Perhaps most importantly to me, I will be building a flock filled with canny, older, non-breeding ewes—the ones like Old Leader who help the flock thrive.
In terms of lambing, the first unexpected thing was to NOT lamb this spring, because my flock is relatively young. Other than Alice and Old Leader, the oldest are only 5. Since the whole idea is to not sell any sheep, and because I didn’t want to increase the grazing pressure in what has been shaping up into an unhappily dry year, it was a no-brainer to forgo lambing.
In turn, I found myself re-examining why I lamb in spring anyway—why not autumn, when the pregnant ewes have had a good summer’s nutrition, and the weather is more settled? And if I do lamb in autumn, and still shear in September, why not skip the first shearing for the babies and let them grow their fleece out for 18 months instead of 10, making a better fibre for yarn?
So you see, now, what I mean by designing the unexpected. As Georgie implied, it’s critical to start with what matters to you—in my case what I think is right for the animals—and then let the creative process go where it will.
Adventures of the Swan Family Robinson
Last week I was shepherding the flock in what I call the Forest—a 12 ha (30 acre) revegetation area surrounding Swan Lake. As we came up over the dam wall at the southern end of the Forest, the sheep suddenly started turning back to me. I couldn’t see what was happening until I scrambled up the dam myself: there was Papa swan, looking like a fierce “lollipop man” at a school crossing, refusing to let 1000 sheep bully him. He held the ewes at bay while Mama shepherded her 6 kidlets to safety—rather slowly and awkwardly! The sheep, while curious, were content to stand quietly and wait for permission to proceed.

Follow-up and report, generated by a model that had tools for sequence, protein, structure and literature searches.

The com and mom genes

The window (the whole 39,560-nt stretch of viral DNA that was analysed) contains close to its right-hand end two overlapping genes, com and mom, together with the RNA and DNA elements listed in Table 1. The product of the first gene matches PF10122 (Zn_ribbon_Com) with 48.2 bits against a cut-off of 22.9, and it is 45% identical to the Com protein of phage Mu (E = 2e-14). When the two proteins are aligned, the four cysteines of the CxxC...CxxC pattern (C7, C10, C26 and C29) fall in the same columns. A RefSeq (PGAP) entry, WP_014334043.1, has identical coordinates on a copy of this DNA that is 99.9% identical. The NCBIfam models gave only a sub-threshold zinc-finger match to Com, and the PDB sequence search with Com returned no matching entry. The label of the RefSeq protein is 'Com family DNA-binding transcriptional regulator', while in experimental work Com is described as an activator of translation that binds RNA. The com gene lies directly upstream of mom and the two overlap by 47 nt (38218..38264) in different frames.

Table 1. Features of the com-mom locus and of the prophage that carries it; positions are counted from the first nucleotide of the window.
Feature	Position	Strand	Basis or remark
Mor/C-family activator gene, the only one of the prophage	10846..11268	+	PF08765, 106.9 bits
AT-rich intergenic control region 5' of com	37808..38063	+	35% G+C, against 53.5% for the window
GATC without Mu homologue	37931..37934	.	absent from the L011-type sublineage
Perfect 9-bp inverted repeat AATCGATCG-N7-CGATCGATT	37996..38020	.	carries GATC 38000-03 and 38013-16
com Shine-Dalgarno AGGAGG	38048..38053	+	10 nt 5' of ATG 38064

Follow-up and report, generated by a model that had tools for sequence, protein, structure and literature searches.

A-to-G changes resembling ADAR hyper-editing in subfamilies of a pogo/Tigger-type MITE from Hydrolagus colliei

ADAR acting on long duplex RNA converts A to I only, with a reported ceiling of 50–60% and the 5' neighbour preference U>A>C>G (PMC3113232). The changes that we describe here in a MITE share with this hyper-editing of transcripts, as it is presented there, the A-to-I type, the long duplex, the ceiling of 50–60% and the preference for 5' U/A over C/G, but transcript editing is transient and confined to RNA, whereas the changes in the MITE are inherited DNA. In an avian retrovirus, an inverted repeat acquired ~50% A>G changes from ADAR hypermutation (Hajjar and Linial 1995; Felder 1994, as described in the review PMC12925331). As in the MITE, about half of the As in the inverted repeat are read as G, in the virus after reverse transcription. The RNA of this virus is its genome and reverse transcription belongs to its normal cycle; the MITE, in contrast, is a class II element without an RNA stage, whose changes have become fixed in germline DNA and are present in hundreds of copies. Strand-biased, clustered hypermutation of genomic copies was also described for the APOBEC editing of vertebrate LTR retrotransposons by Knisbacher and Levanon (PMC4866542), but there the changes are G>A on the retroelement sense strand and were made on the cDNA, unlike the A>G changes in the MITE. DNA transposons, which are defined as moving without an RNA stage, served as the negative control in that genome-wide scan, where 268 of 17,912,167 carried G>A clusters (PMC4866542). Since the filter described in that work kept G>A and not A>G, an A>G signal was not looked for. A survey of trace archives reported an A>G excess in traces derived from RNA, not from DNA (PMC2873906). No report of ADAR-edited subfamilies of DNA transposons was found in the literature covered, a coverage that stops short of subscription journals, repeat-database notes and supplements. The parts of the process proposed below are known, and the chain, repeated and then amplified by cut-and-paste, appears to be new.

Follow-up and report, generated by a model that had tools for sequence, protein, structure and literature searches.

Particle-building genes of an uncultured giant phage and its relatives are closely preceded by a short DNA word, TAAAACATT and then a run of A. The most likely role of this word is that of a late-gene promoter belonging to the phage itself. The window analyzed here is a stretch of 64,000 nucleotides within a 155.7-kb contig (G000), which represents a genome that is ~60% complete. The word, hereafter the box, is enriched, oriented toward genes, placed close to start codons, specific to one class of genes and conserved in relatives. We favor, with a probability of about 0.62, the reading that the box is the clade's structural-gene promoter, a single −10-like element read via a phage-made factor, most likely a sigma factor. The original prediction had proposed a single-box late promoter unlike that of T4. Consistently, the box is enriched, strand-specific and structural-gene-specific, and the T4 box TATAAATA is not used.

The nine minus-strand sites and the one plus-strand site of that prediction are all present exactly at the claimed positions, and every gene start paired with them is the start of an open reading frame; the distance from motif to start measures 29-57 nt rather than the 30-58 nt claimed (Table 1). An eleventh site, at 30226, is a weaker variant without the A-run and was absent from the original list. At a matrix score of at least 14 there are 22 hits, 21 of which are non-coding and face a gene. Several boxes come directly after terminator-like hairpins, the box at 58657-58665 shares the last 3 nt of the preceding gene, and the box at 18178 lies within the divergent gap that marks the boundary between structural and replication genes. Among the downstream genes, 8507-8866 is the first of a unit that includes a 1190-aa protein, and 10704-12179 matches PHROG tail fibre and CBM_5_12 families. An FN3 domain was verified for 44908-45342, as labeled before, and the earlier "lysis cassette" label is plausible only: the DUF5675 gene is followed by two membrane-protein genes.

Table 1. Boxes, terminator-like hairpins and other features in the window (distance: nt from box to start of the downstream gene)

And yesterday in preparation for a shepherding trek back the other direction through the Forest, I opened the gates connecting it with Willow Tree pond, about 500 m east of Swan Lake. In the 45 minutes it took me to collect up the flock, the swan family upped sticks and moved themselves to Willow Tree. I’m not exactly sure how they got through the last bit of fence, as the gate into the waterhole itself was closed, and the cygnets are way too young to fly yet. I’m guessing Mama and Papa flew over and then called the kids through the fence. Mama has always had a fondness for Willow Tree—all during incubation of the eggs, she spent her days swanning around in Willow Tree pond rather than keeping Papa company. Makes me wonder if there was a bit of a domestic argument over where to build the nest, and she lost. But it looks like she has no intention of going back west any time soon.
p.s. Shearing is all done for another year, hooray! The fibre looks good, is sound, and I think they grew quite a bit more of it than last year. I’ll know for sure when I see the tests. The wool is on its way to NZ for scouring and processing.
p.p.s. I was remiss not to give photo credit in the last Yarn to Michel Meuret for the pictures from France—thanks again, Michel!